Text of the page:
The Alco Century’s well-balanced cab design made these among my favorite classic diesels. I’d photographed the C-424Ms on Delaware & Hudson, Genesee & Wyoming, Guilford, and finally on Livonia, Avon & Lakeville’s Bath & Hammondsport line.
Here I’ve worked the yard office into my composition that makes for nice juxtaposition of shapes. Black & White film handles the backlit situation well and retained detail in shadows and highlights.
On August 21, 2010, some friends and I caught this loaded CSX ethanol train symbol K644 working eastward past the Amtrak station at Rochester. In the distance is the old Kodak tower.
This scene, exposed less than five years ago is now completely changed:
Amtrak is preparing for construction of its new Rochester Station.
Last week, my friend Otto Vondrak sent current images from Rochester of the old New York Central era canopies being dismantled; the classic cast iron ‘Rochester’ sign having been removed for safekeeping.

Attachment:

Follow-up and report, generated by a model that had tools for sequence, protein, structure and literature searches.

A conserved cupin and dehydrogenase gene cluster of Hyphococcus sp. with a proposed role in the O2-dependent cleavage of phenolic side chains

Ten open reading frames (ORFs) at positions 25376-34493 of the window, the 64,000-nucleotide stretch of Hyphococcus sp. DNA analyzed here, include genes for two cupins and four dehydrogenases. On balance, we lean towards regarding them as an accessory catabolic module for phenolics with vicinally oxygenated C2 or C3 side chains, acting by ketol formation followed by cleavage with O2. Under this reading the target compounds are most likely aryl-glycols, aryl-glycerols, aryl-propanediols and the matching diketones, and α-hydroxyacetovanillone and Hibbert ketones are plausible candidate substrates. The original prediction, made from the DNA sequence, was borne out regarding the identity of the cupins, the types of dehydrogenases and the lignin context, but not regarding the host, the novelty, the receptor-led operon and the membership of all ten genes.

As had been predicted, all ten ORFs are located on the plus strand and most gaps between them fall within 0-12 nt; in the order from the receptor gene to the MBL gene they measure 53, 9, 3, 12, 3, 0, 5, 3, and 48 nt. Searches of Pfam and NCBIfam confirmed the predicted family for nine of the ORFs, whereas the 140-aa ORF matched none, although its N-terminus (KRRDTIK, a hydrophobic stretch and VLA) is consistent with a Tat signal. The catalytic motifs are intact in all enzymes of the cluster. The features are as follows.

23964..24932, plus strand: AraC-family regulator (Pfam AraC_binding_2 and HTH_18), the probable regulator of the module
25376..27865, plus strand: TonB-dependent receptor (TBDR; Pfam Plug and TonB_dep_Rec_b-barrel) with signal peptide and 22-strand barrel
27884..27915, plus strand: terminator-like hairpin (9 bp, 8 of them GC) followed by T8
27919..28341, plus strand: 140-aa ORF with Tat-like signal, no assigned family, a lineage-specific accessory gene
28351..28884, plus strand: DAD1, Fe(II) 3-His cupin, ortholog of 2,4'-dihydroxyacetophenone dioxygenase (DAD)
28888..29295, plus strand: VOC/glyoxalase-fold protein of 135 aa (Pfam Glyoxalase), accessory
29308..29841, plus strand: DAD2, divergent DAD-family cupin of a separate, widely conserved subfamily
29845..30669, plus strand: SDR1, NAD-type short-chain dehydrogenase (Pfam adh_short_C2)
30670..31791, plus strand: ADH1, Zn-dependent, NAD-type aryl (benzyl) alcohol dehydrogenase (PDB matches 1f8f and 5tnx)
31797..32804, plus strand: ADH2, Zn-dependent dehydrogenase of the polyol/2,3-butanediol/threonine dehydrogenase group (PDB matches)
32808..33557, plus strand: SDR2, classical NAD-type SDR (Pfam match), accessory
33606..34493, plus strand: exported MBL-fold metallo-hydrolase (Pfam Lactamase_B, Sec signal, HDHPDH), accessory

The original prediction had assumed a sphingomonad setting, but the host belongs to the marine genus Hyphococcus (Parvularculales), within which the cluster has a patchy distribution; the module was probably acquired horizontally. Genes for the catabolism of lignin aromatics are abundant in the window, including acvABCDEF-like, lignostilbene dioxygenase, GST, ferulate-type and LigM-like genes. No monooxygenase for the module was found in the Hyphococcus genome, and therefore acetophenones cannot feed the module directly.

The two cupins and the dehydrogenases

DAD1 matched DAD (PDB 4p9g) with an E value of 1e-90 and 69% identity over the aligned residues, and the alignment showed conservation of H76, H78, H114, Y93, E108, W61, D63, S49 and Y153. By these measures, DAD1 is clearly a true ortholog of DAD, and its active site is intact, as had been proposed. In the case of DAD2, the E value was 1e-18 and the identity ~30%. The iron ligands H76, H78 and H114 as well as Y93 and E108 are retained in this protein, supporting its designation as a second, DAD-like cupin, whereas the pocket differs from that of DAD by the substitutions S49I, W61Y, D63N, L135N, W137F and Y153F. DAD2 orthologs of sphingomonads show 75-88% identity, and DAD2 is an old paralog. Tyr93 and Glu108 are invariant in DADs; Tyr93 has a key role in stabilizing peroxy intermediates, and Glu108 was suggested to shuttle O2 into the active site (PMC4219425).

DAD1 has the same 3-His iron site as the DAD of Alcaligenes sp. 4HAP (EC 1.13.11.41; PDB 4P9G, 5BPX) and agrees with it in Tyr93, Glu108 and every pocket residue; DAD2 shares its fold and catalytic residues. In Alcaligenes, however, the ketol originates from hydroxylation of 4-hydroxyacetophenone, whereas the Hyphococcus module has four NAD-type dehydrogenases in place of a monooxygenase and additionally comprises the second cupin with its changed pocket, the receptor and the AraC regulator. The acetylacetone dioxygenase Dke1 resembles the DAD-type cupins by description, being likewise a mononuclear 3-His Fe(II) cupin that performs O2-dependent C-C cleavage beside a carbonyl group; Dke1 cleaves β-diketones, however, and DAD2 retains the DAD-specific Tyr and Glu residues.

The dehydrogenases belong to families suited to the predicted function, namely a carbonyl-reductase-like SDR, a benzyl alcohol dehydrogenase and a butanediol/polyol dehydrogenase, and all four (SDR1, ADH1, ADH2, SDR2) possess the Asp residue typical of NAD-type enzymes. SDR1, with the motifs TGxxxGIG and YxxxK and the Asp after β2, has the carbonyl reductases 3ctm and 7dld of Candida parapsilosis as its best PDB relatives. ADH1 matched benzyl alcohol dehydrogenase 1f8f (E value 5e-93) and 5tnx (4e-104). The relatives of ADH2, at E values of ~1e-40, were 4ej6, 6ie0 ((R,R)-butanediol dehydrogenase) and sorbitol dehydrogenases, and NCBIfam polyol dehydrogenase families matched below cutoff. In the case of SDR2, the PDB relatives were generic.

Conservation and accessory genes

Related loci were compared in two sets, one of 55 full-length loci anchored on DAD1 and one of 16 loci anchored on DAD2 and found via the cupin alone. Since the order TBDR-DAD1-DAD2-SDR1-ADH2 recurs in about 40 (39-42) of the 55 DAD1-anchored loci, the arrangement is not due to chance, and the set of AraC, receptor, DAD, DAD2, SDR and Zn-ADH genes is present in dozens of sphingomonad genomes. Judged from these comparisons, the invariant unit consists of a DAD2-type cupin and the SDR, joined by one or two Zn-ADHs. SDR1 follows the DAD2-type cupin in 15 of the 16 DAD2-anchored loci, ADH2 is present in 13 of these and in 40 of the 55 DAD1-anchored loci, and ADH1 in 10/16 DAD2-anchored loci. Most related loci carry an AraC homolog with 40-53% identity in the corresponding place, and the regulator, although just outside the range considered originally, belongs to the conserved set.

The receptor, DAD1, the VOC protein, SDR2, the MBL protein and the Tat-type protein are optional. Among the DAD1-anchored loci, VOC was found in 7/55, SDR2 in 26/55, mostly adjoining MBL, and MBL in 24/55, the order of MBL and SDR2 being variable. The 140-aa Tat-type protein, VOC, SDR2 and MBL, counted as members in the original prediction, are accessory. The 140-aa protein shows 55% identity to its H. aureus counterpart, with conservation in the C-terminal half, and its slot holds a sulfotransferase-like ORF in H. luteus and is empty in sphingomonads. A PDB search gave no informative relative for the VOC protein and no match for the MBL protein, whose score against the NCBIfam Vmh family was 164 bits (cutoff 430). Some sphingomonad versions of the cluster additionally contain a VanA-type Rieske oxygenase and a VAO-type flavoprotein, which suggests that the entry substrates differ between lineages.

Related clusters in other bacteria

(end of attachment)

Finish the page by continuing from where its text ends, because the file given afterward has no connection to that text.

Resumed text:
At the time I made this digital photo, I also exposed a single frame of Ektachrome slide film. It was my last roll of Ektachrome, and my last frame in the camera, and it seemed doubly apropos; to make my last Kodak slide in Rochester, and of a pair of Iowa, Chicago & Eastern/Dakota, Minnesota & eastern locomotives painted in colors remarkably similar to those use on the old Ektachrome film boxes.
I’m holding back that slide for future publication.
Should I head to the mainline (Conrail’s water level route) or explore branch lines? Do I stick with Conrail or seek out a short line? These were among the quandaries facing my photographic choices when I had some time off from college.
As a photography student at the Rochester Institute of Technology, I had a full schedule of classes, labs, and projects. I was a ‘work-study’ student, which implied I had to spend about 25-30 hours a week toiling for peanuts on top of classes, assignments & etc.